It’s time for Musquon’s first harvest. Her grandmother teaches her all about sweetgrass–where it grows, how to identify it (and other grasses that are different,) and how to carefully pick it in the traditional way, leaving the first blade she sees in the ground. Musquon’s grandmother shares the importance of sweetgrass to Wabanaki culture, economy, and religion. As Musquon searches, she imagines her ancestors in the marsh picking sweetgrass with her. Beautifully written, this small moment story stands out with its celebration of sweetgrass, a loving familial relationship, and culture with soft, earthy illustrations. Back matter explains even more about the perennial grass and how it is used to make baskets as well as defines some of the Passamaquoddy Maliseet words.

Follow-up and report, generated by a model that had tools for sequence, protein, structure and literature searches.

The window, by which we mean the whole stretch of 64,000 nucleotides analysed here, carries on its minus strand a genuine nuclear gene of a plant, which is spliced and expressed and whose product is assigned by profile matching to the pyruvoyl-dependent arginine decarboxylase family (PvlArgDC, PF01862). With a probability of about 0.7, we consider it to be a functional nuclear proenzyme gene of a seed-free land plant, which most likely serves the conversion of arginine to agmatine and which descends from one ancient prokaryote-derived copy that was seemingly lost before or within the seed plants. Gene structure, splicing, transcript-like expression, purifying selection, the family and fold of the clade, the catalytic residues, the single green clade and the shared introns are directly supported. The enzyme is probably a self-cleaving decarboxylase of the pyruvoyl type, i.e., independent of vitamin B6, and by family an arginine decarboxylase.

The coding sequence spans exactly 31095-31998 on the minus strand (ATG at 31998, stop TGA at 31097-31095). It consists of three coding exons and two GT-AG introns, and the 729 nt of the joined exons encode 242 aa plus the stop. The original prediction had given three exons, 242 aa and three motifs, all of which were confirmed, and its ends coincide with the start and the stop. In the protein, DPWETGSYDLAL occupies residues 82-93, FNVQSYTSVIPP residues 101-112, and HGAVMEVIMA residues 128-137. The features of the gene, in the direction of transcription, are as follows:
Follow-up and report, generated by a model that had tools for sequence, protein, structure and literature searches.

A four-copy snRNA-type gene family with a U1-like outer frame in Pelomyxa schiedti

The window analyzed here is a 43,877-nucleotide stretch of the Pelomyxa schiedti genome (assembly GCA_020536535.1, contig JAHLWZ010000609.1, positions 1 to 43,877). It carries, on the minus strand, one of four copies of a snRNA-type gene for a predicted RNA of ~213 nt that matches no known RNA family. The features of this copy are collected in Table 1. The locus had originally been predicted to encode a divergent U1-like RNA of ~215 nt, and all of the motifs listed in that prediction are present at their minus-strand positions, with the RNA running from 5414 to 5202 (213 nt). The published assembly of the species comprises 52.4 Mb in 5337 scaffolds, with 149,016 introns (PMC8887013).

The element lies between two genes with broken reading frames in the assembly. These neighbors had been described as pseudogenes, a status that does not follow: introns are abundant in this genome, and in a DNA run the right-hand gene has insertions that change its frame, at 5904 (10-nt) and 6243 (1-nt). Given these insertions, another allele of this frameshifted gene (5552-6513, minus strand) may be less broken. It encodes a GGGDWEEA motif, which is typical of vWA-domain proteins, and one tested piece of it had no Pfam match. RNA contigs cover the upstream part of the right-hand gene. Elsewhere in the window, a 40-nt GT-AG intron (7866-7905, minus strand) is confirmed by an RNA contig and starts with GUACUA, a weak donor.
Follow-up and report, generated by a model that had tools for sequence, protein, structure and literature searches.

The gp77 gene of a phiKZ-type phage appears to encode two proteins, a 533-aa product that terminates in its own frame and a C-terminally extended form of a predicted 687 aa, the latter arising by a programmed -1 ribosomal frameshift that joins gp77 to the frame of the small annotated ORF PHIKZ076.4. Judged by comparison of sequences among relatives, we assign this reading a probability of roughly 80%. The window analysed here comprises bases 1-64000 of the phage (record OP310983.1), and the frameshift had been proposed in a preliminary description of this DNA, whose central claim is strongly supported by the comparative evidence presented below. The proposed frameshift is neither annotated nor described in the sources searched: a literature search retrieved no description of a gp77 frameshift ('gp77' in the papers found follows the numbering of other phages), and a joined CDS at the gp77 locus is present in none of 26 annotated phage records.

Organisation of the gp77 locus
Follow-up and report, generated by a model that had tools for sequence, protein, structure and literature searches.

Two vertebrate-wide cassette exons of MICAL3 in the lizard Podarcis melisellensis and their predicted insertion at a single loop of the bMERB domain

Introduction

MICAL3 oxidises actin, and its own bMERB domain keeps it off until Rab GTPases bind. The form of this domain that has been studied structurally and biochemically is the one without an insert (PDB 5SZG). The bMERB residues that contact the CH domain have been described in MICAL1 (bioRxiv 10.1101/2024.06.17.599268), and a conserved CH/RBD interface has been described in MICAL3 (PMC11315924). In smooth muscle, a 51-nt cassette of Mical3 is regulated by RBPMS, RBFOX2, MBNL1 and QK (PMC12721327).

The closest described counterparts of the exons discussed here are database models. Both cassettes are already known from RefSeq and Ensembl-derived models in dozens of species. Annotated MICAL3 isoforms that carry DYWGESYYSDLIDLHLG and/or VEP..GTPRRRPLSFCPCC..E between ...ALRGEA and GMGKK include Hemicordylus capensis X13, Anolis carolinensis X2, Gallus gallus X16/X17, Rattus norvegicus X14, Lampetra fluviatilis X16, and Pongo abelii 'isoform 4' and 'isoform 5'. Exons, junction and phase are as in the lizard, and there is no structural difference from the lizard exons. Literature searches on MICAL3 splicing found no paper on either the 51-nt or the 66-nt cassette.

Present Day Picture Books About Indigenous Families and Traditions
We Are Grateful Otsaliheliga
 by Traci Sorell, illustrated by Frane Lessac
CHEROKEE
Cherokee people say otsaliheliga to express gratitude,” begins this celebration of the seasons, traditions, and family. As the families spend time outdoors and indoors, you’ll notice how gratitude encompasses all aspects of life from enjoying a feast for the Cherokee New Year to elder’s sharing stories to kids making corn-husk dolls to even saying goodbye to soldiers serving our country. Each season is written in English and in Cherokee. The pictures are vibrant and colorful. It’s a lovely book honoring Cherokee culture.

Present Day Picture Books About Indigenous Families and Traditions
Jingle Dancer
by Cynthia Leitich Smith, illustrated by Cornelius Van Wright and Ying-Hwa Hu
MUSCOGEE (CREEK) / OJIBWAY (CHIPPEWA / ANISHINABE)